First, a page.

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April 12, 2015

Medivir and Cancer Research UK partner to develop new cancer drugs

Medivir has partnered with Cancer Research UK to develop a new class of drugs, which can be used to treat a wide range of cancers, including the pancreatic type.

Adeno

Medivir has partnered with Cancer Research UK to develop a new class of drugs, which can be used to treat a wide range of cancers, including the pancreatic type.

Under the deal, Cancer Research UK’s commercialisation and development arm Cancer Research Technology (CRT) and Medivir will carry out a two-year research programme to optimise and develop small molecules targeting the cell surface protein ADAM8 that is linked to tumour survival, cell invasion and metastasis.

Medivir CEO Niklas Prager said: "This collaboration is a demonstration of our commitment to advance oncology drug discovery at Medivir and we are pleased to partner with such a renowned institution such as Cancer Research UK, and with professor Bartsch, a leading researcher in the field."

Under the agreement, Medivir is eligible to receive an exclusive and global licence to research, develop, manufacture and commercialise ADAM8 inhibitor drugs resulting from development.

"The synergy of expertise between Medivir and our Laboratory forms an excellent platform for successful exploration of this first-in-class approach to targeted therapy against ADAM8."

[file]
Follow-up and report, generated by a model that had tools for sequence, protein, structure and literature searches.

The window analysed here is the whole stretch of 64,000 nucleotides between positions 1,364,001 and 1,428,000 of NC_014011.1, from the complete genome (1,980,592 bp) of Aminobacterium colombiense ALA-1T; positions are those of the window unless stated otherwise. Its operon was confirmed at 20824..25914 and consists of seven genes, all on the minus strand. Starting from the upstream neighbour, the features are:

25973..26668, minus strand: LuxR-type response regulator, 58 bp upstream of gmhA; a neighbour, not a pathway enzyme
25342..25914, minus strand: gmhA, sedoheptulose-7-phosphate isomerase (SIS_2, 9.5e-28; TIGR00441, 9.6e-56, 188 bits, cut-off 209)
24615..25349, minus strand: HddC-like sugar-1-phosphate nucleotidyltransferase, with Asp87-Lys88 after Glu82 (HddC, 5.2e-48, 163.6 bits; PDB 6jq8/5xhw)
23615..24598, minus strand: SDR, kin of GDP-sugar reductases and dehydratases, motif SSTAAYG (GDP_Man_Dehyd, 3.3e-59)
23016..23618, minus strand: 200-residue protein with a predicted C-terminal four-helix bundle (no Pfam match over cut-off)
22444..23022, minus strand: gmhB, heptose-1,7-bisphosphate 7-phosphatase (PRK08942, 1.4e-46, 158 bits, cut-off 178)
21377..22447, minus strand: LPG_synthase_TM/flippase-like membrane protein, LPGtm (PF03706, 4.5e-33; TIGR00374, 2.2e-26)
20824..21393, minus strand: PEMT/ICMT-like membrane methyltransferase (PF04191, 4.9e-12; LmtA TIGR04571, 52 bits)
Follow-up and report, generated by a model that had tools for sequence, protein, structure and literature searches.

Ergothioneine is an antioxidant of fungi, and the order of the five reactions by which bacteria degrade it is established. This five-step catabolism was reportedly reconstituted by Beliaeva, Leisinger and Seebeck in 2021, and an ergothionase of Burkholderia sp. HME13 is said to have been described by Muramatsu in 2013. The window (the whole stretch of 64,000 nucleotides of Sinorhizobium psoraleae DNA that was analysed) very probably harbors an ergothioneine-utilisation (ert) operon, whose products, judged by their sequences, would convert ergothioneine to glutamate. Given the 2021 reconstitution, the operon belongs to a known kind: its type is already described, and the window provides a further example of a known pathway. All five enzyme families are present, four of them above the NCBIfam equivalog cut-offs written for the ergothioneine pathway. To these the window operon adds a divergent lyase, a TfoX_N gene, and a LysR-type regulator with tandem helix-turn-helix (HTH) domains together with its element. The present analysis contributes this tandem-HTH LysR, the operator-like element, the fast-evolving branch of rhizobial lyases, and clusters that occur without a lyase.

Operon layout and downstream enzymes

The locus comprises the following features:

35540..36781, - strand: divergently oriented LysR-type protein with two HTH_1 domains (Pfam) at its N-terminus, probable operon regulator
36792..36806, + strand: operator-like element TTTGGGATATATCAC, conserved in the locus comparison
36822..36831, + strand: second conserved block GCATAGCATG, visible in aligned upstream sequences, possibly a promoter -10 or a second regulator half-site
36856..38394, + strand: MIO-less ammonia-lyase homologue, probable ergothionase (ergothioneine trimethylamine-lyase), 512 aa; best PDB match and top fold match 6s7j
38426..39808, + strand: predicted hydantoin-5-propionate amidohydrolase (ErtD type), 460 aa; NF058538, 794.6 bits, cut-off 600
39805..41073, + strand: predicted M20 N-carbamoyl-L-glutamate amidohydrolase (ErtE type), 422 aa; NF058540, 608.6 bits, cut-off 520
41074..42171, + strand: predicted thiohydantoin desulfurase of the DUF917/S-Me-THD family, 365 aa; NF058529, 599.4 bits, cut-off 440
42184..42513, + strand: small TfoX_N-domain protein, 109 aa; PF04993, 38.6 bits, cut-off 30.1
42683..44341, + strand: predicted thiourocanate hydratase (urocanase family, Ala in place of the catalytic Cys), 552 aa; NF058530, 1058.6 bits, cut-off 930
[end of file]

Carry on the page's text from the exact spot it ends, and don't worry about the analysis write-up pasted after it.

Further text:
The deal will allow CRT to receive an upfront payment and future success milestones and royalties on sales that are shared with the academic collaborators.

Professor Jörg Bartsch, along with Medivir, will serve as the head of TransMIT-Project division for research in neuro-oncology at TransMIT, located at Marburg University in Germany.

Bartsch previously worked at King’s College London where the initial patent application was filed by King’s College IP and licencing team, while further proof-of-concept studies have been funded by Cancer Research UK at King’s College.

Bartsch said: "The synergy of expertise between Medivir and our Laboratory forms an excellent platform for successful exploration of this first-in-class approach to targeted therapy against ADAM8."

According to Medivir, blocking ADAM8 in mice with pancreatic cancer prevented the spread of the disease, shrank tumours and significantly extended lifespans.


Image: Micrograph of pancreatic ductal adenocarcinoma (the most common type of pancreatic cancer). Photo: courtesy of KGH.

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